Last year, in partnership with EPRI, we conducted our first sustainability materiality assessment, which is a best practice in the ESG space. We engaged a group of about three hundred stakeholders, about one hundred fifty employees, and one hundred fifty external stakeholders, including customers, community leaders and others.

We asked our stakeholders two questions. What are the most important sustainability issues that APS should be focused on? And where do we have the greatest ability to make a difference, given our unique position in the state of Arizona?

We gathered and analyzed a lot of data, and we developed what we call our Priority Sustainability Issues or PSIs. We have twenty-three PSIs. The top four, which we call our Integral PSIs, are clean energy, safety and health, customer experience, and energy access and reliability. A lot of our focus going forward will be in these four areas. But all twenty-three PSIs are important and serve as our sustainability north stars.

Our next step with EPRI will be to talk with companies in our industry that do these things exceptionally well. We want to know what they're doing and how, and how they measure success. We want to learn from them and then improve ourselves.

PUF's Steve Mitnick: What drove the benchmarking and working with EPRI?

Ann Becker: We don't want our ESG team to just be a think tank. We want our ESG approach to be action-oriented and outcome-focused. We want to get better, and the best way to do that is to learn from the pros, the companies who do these things really well. EPRI is going to help us find some opportunities for improvement.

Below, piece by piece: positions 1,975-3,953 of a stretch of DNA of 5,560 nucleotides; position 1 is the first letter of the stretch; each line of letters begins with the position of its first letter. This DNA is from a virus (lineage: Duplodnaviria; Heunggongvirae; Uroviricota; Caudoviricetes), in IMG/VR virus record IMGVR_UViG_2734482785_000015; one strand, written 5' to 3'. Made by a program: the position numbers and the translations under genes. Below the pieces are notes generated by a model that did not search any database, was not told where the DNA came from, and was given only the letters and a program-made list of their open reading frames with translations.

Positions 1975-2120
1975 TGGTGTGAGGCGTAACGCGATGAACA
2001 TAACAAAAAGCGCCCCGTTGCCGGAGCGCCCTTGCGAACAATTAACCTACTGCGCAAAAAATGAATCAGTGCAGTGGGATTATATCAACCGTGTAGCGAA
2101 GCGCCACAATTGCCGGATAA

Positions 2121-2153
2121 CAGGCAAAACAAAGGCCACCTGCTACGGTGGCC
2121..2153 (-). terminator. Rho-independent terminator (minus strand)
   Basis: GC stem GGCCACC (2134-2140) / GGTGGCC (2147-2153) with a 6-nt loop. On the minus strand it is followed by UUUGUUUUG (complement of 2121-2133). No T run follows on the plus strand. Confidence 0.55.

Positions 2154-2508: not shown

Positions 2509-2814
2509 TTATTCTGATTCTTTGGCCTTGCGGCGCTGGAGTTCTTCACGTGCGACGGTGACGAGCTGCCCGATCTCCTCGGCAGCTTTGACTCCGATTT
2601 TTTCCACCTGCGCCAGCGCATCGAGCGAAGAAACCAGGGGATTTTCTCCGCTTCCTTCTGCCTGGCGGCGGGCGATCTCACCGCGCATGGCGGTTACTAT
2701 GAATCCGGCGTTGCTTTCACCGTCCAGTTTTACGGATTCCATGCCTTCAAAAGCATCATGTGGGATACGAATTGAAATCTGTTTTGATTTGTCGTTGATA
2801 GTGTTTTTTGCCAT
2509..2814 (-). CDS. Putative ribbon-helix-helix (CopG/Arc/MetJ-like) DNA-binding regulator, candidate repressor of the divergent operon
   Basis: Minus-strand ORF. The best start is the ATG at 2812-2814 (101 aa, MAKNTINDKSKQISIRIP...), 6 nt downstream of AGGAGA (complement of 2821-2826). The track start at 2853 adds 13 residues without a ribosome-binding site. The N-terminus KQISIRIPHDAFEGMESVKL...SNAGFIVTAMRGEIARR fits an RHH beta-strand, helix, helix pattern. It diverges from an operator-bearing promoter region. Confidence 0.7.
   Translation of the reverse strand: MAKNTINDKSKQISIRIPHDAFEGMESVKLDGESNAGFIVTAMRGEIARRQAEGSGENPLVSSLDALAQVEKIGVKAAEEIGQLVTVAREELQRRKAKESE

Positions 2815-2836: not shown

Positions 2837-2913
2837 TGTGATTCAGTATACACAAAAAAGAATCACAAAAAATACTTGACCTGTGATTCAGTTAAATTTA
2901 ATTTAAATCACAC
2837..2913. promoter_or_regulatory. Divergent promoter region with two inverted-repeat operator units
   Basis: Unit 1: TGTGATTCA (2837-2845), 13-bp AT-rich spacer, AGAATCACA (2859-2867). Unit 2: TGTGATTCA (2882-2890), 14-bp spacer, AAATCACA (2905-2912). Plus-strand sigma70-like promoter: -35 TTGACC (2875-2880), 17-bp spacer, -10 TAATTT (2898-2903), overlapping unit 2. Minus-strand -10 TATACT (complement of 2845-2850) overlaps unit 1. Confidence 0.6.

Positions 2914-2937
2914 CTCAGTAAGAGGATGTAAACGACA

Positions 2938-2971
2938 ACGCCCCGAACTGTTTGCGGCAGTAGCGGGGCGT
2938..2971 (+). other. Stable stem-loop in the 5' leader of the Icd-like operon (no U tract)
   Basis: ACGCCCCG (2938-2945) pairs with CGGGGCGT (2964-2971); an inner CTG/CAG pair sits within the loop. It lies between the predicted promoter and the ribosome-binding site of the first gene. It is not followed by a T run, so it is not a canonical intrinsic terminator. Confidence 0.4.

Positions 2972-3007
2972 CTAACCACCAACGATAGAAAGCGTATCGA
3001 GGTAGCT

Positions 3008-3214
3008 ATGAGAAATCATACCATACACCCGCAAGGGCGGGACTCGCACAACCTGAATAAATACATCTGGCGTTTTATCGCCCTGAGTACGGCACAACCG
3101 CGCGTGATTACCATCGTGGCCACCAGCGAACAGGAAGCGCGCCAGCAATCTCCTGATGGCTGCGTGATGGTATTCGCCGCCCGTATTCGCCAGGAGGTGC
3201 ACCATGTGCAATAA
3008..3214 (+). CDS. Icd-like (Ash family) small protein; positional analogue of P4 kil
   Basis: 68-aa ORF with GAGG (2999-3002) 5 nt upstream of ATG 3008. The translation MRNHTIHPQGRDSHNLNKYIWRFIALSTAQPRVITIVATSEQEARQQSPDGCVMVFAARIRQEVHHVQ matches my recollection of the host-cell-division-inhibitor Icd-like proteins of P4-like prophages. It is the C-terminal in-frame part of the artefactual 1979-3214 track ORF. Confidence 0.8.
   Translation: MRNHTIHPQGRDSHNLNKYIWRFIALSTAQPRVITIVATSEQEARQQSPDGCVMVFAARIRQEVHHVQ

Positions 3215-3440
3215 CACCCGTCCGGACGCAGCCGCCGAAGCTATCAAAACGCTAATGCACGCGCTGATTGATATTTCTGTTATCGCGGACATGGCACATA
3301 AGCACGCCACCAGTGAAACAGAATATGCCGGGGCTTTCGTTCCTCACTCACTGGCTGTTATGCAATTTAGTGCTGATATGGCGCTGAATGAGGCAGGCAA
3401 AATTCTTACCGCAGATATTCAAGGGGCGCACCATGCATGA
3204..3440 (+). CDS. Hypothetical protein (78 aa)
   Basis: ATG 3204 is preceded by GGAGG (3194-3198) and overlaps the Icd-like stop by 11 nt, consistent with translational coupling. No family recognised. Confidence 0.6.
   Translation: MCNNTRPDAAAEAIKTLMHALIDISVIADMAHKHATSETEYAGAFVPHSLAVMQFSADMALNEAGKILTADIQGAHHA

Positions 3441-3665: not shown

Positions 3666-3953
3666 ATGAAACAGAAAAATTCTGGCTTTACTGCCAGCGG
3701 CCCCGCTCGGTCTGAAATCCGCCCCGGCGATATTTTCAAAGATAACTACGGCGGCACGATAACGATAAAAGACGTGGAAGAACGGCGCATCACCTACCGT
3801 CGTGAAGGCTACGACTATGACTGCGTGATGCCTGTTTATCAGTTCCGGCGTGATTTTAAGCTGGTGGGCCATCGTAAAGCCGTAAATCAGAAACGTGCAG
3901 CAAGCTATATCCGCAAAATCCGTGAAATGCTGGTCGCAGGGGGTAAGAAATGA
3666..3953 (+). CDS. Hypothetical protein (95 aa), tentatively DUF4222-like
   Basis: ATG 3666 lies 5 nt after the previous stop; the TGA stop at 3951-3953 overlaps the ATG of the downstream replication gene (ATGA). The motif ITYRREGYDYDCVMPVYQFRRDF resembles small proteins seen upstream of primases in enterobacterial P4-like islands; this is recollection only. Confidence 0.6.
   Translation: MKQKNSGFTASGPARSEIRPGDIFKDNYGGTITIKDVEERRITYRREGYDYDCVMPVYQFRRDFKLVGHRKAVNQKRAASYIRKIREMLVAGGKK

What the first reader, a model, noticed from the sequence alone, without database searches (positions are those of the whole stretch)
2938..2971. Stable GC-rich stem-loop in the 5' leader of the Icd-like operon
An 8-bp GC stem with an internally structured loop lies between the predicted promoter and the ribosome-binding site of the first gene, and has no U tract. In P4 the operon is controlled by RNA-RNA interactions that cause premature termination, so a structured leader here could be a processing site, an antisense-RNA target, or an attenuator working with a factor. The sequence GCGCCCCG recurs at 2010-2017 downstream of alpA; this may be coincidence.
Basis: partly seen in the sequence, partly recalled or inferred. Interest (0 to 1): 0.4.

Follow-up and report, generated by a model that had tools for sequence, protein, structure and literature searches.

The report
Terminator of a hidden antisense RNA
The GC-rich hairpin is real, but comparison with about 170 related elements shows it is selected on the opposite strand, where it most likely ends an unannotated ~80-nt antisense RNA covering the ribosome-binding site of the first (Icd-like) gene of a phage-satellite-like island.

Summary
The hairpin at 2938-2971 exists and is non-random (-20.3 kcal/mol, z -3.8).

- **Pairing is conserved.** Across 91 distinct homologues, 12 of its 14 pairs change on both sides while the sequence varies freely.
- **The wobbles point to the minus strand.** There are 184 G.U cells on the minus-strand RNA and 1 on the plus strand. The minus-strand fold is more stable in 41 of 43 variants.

PUF: Why is ESG so important for business success?

Ann Becker: The focus on ESG started in the investment community, and strong ESG performance is certainly critical to ensuring access to capital, which allows us to keep our rates affordable. Today, more institutional investors are insisting that their companies have actionable plans to reduce and ultimately eliminate their carbon emissions.

Investors are using their dollars and votes to express these desires. We're all familiar with the research showing that companies with strong ESG performance routinely outperform their peers on almost every measure.

But the ESG mandate has expanded far beyond the investment community. The climate science is a clear mandate, on its own. The United Nations' climate experts at the Intergovernmental Panel on Climate Change have warned we need to get to a net-zero carbon economy by 2050. That's part of the reason we announced our clean energy commitment — we need to do our part; everyone needs to step up and do their part.

Our employees also want us to be transparent about our environmental and social performance.

Often now, when I am interviewing job candidates, I get questions like, what are your values at APS? What matters to you? What are you doing to make a difference? These questions get to the heart of ESG.

The next generation, my kids' generation, want to work for employers whose values align with their personal values. One of the best ways to access and retain this talent pool is to have strong ESG performance, and to talk out loud and regularly about what matters to us and what we're doing about it — that resonates strongly with this generation.

We've also got customers who are demanding more clean energy. Arizona has become a hub for big tech companies, which is fantastic for Arizona. Growth is important to help spread the costs of the clean energy transition. A lot of the big tech companies want one hundred percent clean energy. We have a clear customer mandate.

Finally, I'll mention that our APS Promise is to do what is right for the people and prosperity of our state. This is our commitment to our customers, our employees, and our communities. We will do the right thing, every time. That, in a nutshell, is the best ESG mandate of all.

PUF: You operate in a difficult political environment. How does the board feel about what you're doing?

Ann Becker: Our board is keenly interested in and supportive of our ESG strategy and work. Our Corporate Governance and Public Responsibility Committee is officially responsible for ESG, but we routinely talk with the full board about these issues.